At Collide Village in Addison, more than a hundred participants including developers, students, investors, partners, mentors, and entrepreneurs have gathered for an event spanning two weekends. The goal is simple: to create startups in the IoT space. Those teams with ideas that win the approval of judges are in line to receive much more than a one-time prize. The winners will go through a two month program covering business and customer development, product innovation, go-to-market strategy, and more to help build their concept into a viable business. It’s an opportunity valued at $20,000 and offers a real shot at landing funding from serious investors.
A hackathon on a mission
Tahir Hussain, CEO & Managing Partner at Collide Village and organizer of this “Collidathon”, says this is a departure from the typical hackathon. At a traditional event, it’s all about that week or two of frenzied activity. What happens at the hackathon tends to stay there—never making it to the commercialization stage. “We want to take two or three companies in this group and take them to the next level.”
In fact, Tahir’s organization has invested in 14 companies so far, providing both funding and mentoring to help them succeed. Some of these bets do pay off. For example, one team that Collide Village helped accelerate launched a product called “NoiseAware” that monitors noise levels in short term rental properties. This startup recently landed an additional one million in funding from local investors.
Hackathon will target big problems
While consumer IoT is currently at the height of its hype cycle, enterprise is ready for its big boom next. The Collidathon focuses on key areas of innovation of interest to large organizations in the public and private sectors including smart city, smart building, connected car, industrial, and blockchain concepts. Participants brought a very wide range of ideas to address problems in these sectors.
In the smart building category, one team proposed a voice assistance program to help seniors age in place. It would be the IoT device version of responding to that famous cry, “I’ve fallen and I can’t get up.” Instead of a button, an entire building would be on the alert to aid those in need. HVAC monitoring and management was another smart facility idea with an eco-friendly twist, while other attendees promoted the concept of waste reduction through asset tracking and the gamification of recycling.
Connected car and smart city concepts overlapped and proved to be hot topics. ParkIt, an IoT solution that provides parking lot tracking in the cloud, was presented as a strong contender—with a team that already drives revenue from their product. A group of students proposed GPS tracking of university cabs in real time to help college goers manage their ride options and get to class on time. From bitcoin wallets to pay for parking and smart cars that track their own maintenance records to geo-specific trivia programs that help drivers stay awake on the road, attendees had many ideas about transportation and secure communications. This event will tell how many of the concepts have the ability to go the distance.
During the weeklong event, participants will solidify their teams, create business models, do in-depth analysis on their chosen problem, and start developing the solution. A few days in, Hussain revealed that this process has already helped weed out some of the less feasible ideas, forcing teams to ask whether the problem they’ve focused on is really worth solving. It’s a hard question for technologists to grapple with, but one that must be answered to stand a chance at winning funding.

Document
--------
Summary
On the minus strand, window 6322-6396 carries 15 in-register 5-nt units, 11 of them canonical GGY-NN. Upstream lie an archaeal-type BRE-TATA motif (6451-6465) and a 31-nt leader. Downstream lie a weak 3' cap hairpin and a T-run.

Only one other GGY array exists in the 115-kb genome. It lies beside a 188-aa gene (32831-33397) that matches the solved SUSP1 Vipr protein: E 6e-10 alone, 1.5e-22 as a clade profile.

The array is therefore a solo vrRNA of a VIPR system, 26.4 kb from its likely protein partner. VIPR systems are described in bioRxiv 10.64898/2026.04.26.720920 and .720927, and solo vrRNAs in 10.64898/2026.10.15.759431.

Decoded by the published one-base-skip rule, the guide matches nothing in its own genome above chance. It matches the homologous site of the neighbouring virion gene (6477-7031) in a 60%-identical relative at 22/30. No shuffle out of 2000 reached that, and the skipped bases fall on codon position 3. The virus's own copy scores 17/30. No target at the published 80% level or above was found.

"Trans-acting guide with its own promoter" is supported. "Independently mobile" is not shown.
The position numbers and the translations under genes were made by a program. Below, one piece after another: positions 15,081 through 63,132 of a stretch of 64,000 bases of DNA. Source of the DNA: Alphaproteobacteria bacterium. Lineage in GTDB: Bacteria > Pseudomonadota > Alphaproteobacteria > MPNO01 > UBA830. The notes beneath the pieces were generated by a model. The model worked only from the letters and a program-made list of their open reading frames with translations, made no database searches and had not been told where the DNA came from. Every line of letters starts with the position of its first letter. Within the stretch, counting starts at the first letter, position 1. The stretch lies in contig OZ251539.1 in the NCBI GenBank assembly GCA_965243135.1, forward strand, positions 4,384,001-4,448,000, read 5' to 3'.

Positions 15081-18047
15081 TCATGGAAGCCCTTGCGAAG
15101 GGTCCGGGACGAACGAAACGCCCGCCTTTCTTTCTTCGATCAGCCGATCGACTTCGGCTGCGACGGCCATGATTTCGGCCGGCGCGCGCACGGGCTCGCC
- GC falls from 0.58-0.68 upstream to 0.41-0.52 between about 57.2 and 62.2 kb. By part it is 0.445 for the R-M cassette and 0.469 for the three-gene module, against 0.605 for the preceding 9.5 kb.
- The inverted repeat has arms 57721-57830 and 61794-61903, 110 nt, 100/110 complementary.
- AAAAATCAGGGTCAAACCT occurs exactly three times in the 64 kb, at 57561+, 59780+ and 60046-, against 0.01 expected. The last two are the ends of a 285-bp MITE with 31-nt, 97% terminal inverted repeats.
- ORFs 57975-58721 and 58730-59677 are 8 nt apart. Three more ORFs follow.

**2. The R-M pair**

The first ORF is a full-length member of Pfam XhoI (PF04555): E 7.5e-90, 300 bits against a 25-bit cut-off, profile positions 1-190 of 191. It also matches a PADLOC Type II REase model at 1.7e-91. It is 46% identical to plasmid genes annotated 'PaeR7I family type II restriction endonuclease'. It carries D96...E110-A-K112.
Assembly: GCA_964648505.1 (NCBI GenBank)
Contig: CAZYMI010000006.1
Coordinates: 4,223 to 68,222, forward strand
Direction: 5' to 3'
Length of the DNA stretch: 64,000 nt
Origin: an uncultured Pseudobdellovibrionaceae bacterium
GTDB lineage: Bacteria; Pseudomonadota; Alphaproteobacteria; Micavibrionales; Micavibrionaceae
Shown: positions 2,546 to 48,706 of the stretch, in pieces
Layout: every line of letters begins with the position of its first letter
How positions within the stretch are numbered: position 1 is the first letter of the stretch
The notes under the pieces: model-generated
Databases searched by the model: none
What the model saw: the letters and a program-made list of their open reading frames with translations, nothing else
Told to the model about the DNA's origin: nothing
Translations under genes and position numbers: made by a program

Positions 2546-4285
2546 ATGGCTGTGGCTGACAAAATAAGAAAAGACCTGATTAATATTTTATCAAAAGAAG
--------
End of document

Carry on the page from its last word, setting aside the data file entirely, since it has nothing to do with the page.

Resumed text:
Sponsors and partners support the Collidathon
This hackathon has attracted a number of major vendors as partners including STmicroelectonices for devices, Senet for connectivity, and Microsoft Azure for cloud. Microsoft is acting as both a mentor and sponsor, with Technical IoT Specialist Kevin Saye and Azure Data Solution Architect Ranga Vadlamudi in attendance. For Kevin, the idea of pairing IoT with modern medicine is particularly interesting. He responded to one attendee’s idea to miniaturize EKG and ECG monitoring equipment. “Healthcare is an interesting sector. It’s not just data but prediction and machine learning with IoT that will help solve problems.” He agreed with other sponsors that IoT is an enabler of digital transformation—not the answer but an important component in reaching a solution.
Mentors came from many sectors, including the academic side. Nancy Hong, a self-described retired “IT Girl”, is the Director of Student Programs at Texas Woman’s University. For Nancy, this is an excellent opportunity to help students and other budding entrepreneurs think more deeply about the ‘why’ behind their ideas. After all, a hackathon should be more than an academic exercise. “They need to be thinking about the business problem first.” For Steve Ball, Senior Director of Product Management at Senet, the Hackathon is in alignment with an important aspect of his company’s mission: to accelerate new ideas to market.
IoT must serve business needs to make it hackworthy
Hussain echoed this sentiment. Fortunately, he has found that the current crop of hackers is eager to gain this important perspective. “There is a huge hunger for understanding of the business model. They are realizing that the technology is just an enabler. It’s not an end goal in itself.” Attendees will no doubt walk away from this event with a greater appreciation for the economics behind IoT development and a better feel for the marketplace. For the Collide Village team, the effort will be worthwhile if even a few ideas have the potential to answer real world business problems. “It is an exciting time for seeing if we can create solutions and value through these events.”